It is one of the joys of having written a book like Intercultural Communication that readers like to meet the author and last week I had the opportunity to meet a group of undergraduate students at the University of Hong Kong who had been using the book in Professor Adam Jaworski’s class on intercultural communication. The students had prepared a list of questions they wanted to ask me and I learnt as much as they did.
The question I enjoyed the most started with the observation that my book was very different from what the students had expected in an intercultural communication text. Therefore, they wanted to know why my book is so different from other titles in intercultural communication.
There are many ways to answer this question and one of the most obvious is that my book is written from a different position than most other textbooks in intercultural communication, most of which emanate from communication and management studies at US universities. It’s written by a linguist and thus pays more attention to the role of language in intercultural communication and it’s written by a multilingual migrant who doesn’t find value in reproducing cultural stereotypes but examining their functions in context. Readers of the book will recall that my main point throughout is that much research in the field needs to be reconceptualised to address the fundamental research question “Who makes culture relevant to whom in which context for which purposes?”
In the book I’ve been critical of some of the existing literatures in intercultural communication, which – with their reproduction of widely-held stereotypes about particular national cultures – often seem to be nothing more than yet another exercise in banal nationalism. Thus, banal nationalism figured heavily in the questions, too, and one of them was whether I thought patriotic education was a form of banal or “hot” nationalism?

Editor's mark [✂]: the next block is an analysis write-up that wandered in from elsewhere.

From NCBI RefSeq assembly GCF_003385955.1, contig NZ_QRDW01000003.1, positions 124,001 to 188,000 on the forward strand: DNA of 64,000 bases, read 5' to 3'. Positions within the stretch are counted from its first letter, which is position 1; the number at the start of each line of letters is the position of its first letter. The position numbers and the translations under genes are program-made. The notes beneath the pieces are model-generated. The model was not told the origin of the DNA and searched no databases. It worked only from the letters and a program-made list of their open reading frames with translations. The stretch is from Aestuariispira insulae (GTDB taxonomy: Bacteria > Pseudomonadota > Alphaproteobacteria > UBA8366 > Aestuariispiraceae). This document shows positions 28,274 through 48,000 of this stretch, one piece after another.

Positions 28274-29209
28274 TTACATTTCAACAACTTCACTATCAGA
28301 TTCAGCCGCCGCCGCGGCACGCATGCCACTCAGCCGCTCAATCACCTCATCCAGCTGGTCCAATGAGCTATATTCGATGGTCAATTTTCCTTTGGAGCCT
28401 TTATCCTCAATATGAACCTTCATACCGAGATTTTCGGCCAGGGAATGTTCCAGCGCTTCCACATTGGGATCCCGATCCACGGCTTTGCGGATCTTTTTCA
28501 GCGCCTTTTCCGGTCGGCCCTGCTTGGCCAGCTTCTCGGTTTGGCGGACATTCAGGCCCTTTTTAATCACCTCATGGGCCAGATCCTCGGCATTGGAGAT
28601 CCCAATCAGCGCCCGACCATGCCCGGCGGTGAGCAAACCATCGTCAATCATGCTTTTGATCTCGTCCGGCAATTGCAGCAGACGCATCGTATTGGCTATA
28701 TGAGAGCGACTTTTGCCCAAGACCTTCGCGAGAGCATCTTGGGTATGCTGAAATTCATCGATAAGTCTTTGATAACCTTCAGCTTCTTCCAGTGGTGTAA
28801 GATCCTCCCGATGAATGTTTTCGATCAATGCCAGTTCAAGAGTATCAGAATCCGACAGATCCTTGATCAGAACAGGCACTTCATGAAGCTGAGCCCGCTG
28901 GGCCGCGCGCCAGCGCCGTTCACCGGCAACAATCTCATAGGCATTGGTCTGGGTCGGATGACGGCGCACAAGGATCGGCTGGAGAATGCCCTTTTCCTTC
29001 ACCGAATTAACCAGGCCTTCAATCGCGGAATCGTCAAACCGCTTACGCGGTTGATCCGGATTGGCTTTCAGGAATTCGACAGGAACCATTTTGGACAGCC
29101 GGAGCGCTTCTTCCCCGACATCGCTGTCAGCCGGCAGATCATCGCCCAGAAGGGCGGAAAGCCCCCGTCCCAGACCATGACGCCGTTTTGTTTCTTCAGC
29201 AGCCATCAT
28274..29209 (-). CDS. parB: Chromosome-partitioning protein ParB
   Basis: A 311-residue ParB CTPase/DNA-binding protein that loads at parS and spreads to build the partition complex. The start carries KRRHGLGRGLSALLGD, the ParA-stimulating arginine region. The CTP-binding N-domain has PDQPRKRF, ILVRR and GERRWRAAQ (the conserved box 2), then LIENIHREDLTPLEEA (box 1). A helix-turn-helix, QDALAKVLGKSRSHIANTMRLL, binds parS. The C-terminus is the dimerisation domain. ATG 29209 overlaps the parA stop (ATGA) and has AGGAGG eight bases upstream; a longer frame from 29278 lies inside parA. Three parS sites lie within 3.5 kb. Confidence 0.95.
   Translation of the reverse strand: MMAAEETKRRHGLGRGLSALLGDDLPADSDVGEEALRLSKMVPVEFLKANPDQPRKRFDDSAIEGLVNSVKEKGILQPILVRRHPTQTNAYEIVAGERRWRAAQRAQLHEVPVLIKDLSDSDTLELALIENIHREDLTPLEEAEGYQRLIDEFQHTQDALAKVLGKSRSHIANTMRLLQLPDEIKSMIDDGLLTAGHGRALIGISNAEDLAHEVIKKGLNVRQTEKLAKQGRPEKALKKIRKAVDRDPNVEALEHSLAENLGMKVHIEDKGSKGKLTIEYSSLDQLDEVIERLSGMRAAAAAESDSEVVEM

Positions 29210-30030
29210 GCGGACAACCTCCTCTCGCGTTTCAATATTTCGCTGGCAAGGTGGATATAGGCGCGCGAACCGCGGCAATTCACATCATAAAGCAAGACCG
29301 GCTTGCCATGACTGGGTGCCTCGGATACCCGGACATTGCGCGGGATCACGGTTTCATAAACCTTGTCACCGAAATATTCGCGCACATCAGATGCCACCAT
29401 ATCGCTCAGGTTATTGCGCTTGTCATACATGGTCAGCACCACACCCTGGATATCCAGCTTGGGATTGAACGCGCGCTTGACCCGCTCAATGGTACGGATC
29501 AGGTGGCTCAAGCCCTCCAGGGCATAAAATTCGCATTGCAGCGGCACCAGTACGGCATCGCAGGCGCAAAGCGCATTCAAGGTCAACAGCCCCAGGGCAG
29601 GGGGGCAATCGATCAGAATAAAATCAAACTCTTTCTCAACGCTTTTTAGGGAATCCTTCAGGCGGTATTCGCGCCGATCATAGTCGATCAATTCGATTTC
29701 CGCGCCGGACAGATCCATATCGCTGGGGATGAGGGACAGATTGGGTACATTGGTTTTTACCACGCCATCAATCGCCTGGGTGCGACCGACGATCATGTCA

At that point, I had to turn the tables and ask questions myself because I had only the vaguest idea what “patriotic education” might mean. It turned out that patriotic education was a hot topic for the students because of the planned introduction of a new curriculum of civic studies in primary schools. That plan had drawn mass protests in September this year because the curriculum was widely perceived as undemocratic and as telling history only from the point of view of the People’s Republic of China. Following the protests, the plan was suspended and the new patriotic education curriculum is now voluntary rather than compulsory.
After the explanation, the question was back to me: What did I think of patriotic education? Well, history if always told from a particular standpoint and it’s usually the position of those in power. Under British rule, history lessons in Hong Kong apparently ended in the early 1800s, conveniently before the Opium Wars and the annexation of the island.
As an outsider, it’s not my place to comment on a particular version of history. However, as a global citizen it strikes me that all nationalist education poorly prepares young people for the challenges they are facing today: the big issues of our time, particularly environmental destruction in all its forms, are not national but global. As the slogan goes: Think globally, act locally!
With many thanks to all the students and colleagues I met in Hong Kong for all the local yet global conversations we had! I’ll be looking forward to coming back, particularly to conduct the workshop I had to cancel because Cathay Pacific left me stranded in Wuhan for 24 hours.